The Meaning Of Darwin Day

Updated: Feb 9, 2019


Charles Darwin (Public Domain)

For some years now, February 12 (the birthday of Charles Darwin) has been designated "Darwin Day." Darwin Day is a commemoration of Darwin's life and work as well as a celebration of science in general. Although some would consider the idea of such a commemoration offensive, I will here seek to provide a more evenhanded look at "Darwin Day" and what it stands for.


Charles Darwin as a person is both demonized by some in the creationist community and idolized by some in the evolutionary community, but let's explore some middle ground. Although Darwin held some racist beliefs, he supported the abolition of slavery and his racism was actually less pronounced than was common for his era. Although evolutionary theory fueled certain social and religious harms, we cannot lay all the blame on Darwin. In fact, Darwin neglected to publish his evolutionary research for many years due to his own (and his wife's) consciousness of the sociological and theological implications. Thus, contrary to what some may think, the destruction of Christianity was not Darwin's motive when formulating his theories (although he did, apparently, end up losing his Christian faith and did not recant his beliefs/theories on his deathbed as some have mythologized).


Furthermore, Darwin's scientific research did contribute to the formation of certain well-established scientific theories in the field of biology. The theory of microevolution–the idea that the traits of a species can change to an extent as the species adapts to its environment–provided answers for certain biological questions and was (and still is) well supported by the evidence. Microevolution is important to Creationist paradigms, as it shows how all of the species we see today could have originated from those brought on the ark during Noah's Flood. So, ironically, creationist scientists could also be said to be evolutionists in the way that they agree with microevolution!


However, when microevolution is extrapolated across a timeline of millions of years, mainstream evolutionary scientists claim that we get macroevolution. Macroevolution is the idea that evolutionary changes result in totally different kinds of organisms. Macroevolution, informally known as "molecules-to-man" evolution, cannot be directly observed as microevolution can. Today, many mainstream evolutionists deny any distinction between microevolution and macroevolution. They maintain that macroevolution can be logically inferred from the unlimited accumulation of traits through microevolution over millions of years–thus trying to negate any meaningful distinction between the two.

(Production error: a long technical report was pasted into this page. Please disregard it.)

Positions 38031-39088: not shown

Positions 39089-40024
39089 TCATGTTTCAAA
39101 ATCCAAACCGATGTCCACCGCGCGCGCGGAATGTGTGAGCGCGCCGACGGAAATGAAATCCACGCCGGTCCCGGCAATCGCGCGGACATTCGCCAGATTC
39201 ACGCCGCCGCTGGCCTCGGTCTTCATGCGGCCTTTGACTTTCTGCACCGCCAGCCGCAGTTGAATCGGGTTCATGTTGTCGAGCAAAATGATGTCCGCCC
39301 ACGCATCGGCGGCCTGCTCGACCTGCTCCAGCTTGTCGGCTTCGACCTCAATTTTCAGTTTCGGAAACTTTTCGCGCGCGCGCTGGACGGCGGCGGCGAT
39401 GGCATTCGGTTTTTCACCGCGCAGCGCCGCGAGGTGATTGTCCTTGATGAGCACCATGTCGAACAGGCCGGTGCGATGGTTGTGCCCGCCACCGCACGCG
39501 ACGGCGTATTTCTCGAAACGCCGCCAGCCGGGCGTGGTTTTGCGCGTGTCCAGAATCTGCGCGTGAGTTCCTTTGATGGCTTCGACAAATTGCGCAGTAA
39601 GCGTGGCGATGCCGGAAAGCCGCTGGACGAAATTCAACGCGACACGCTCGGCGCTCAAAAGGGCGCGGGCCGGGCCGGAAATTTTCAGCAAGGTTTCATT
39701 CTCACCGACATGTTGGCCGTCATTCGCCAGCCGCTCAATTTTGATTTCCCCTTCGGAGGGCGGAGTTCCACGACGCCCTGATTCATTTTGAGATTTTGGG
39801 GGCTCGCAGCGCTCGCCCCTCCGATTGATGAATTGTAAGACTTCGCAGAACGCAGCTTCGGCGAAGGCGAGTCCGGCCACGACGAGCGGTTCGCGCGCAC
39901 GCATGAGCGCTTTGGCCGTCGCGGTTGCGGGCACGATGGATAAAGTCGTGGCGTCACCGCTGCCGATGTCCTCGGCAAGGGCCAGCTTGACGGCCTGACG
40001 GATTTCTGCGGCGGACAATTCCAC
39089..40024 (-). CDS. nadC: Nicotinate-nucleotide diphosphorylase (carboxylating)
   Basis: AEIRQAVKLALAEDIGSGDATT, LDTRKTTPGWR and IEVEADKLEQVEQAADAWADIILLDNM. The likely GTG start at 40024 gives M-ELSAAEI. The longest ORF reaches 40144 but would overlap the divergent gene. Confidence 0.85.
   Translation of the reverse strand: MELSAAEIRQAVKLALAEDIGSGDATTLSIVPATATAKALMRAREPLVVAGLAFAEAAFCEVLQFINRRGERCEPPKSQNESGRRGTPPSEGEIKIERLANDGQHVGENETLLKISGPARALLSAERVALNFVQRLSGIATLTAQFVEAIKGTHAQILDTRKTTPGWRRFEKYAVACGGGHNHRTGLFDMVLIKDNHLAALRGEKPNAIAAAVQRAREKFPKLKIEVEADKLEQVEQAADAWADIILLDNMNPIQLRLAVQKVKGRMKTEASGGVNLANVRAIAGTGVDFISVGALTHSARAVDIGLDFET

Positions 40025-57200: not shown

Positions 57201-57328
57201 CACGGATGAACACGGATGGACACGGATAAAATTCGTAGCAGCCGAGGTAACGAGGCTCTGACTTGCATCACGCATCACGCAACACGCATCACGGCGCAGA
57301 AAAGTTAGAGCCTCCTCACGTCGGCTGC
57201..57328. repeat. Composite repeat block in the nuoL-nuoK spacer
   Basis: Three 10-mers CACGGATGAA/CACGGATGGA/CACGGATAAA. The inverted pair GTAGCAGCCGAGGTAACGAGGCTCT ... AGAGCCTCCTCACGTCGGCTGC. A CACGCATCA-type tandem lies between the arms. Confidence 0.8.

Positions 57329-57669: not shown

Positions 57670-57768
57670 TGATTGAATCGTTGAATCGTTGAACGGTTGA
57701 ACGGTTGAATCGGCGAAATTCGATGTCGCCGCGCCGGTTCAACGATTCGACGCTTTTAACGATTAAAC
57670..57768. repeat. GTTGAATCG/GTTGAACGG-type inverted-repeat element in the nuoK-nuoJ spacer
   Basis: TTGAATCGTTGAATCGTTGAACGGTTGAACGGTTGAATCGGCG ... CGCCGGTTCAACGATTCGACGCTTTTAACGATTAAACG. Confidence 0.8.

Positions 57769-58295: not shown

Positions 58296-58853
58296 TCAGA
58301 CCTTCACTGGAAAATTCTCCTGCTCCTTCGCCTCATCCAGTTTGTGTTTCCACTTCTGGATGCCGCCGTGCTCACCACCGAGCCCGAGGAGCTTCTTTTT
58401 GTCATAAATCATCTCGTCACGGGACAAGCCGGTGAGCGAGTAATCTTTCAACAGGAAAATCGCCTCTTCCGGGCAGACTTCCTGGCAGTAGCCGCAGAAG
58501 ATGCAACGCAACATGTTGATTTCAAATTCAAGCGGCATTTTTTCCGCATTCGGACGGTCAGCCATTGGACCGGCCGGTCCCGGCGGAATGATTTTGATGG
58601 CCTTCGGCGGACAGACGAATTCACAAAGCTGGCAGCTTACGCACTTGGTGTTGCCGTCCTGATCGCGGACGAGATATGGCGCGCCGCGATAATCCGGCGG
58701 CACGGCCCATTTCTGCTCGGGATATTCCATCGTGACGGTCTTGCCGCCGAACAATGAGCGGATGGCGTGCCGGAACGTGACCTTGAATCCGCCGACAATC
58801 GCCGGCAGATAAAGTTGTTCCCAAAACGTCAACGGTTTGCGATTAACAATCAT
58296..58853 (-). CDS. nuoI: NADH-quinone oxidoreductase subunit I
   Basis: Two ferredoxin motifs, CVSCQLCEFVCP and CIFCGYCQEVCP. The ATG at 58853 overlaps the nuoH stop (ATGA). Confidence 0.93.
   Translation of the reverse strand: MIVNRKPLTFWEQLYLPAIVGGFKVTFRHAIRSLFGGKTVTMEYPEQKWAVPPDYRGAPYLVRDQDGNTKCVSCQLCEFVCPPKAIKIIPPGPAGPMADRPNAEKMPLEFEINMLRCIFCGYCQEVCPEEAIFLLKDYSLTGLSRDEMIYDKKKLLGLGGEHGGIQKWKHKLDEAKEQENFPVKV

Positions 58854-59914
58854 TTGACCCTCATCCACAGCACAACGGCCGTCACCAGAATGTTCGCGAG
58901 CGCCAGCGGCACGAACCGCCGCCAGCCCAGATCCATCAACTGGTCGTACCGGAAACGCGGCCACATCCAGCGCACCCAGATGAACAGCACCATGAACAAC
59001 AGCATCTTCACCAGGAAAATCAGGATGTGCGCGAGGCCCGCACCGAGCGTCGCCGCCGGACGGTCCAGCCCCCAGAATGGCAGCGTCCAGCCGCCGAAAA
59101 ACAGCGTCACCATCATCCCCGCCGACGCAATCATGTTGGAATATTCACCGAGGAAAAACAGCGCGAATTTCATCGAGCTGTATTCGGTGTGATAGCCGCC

Ultimately, Darwin's work had a major effect on the way people think about science and theology and laid the foundation for a new way of viewing the world. Darwin's theories may have provided good answers for certain biological questions, but his ideas led to a dramatic boost in the perceived authority of naturalistic science in the popular imagination and ignited one of the most venomous controversies in the history of science and theology. In the end, even though some would deny Darwin a place on the list of great scientists, he is, for better and for worse, one of the most broadly influential.


As far as choosing the birthday of a famous scientist as a holiday to celebrate science, Darwin remains a controversial choice. One immediately thinks, "Why do we not celebrate 'Einstein Day' or 'Galileo Day' or 'Linnaeus Day'?" My guess is that, at least for some, Darwin and his theory of evolution represent the ability of science to become the ultimate authority and the final triumph of secular humanism. Darwin and his theory may be thought to represent the final liberation of science from any theological constraints, thus permitting science to form its own complete worldview: one that allows scientists to try to explain reality without permitting a divine foot in the door. As Richard Dawkins wrote in his book The Blind Watchmaker:

"Although atheism may have been logically tenable before Darwin, Darwin made it possible to be an intellectually fulfilled atheist."

To many of those celebrating on Feb. 12th, perhaps this is what the work of Charles Darwin means.


Ultimately, it is a good idea to take a balanced view of Charles Darwin, who, like all of us, had his accomplishments and his shortcomings. However, there needs to be an honest re-evaluation of the meaning and value of Darwin Day celebrations. Although Darwin’s research had some positive impacts, choosing him as the centerpiece for the celebration of science does more to alienate those who disagree with Darwin’s main conclusions than it does to elevate good research. In the end, if a more gracious and inclusive scientific dialogue can be fostered by retiring Darwin Day, then that is a small price to pay.

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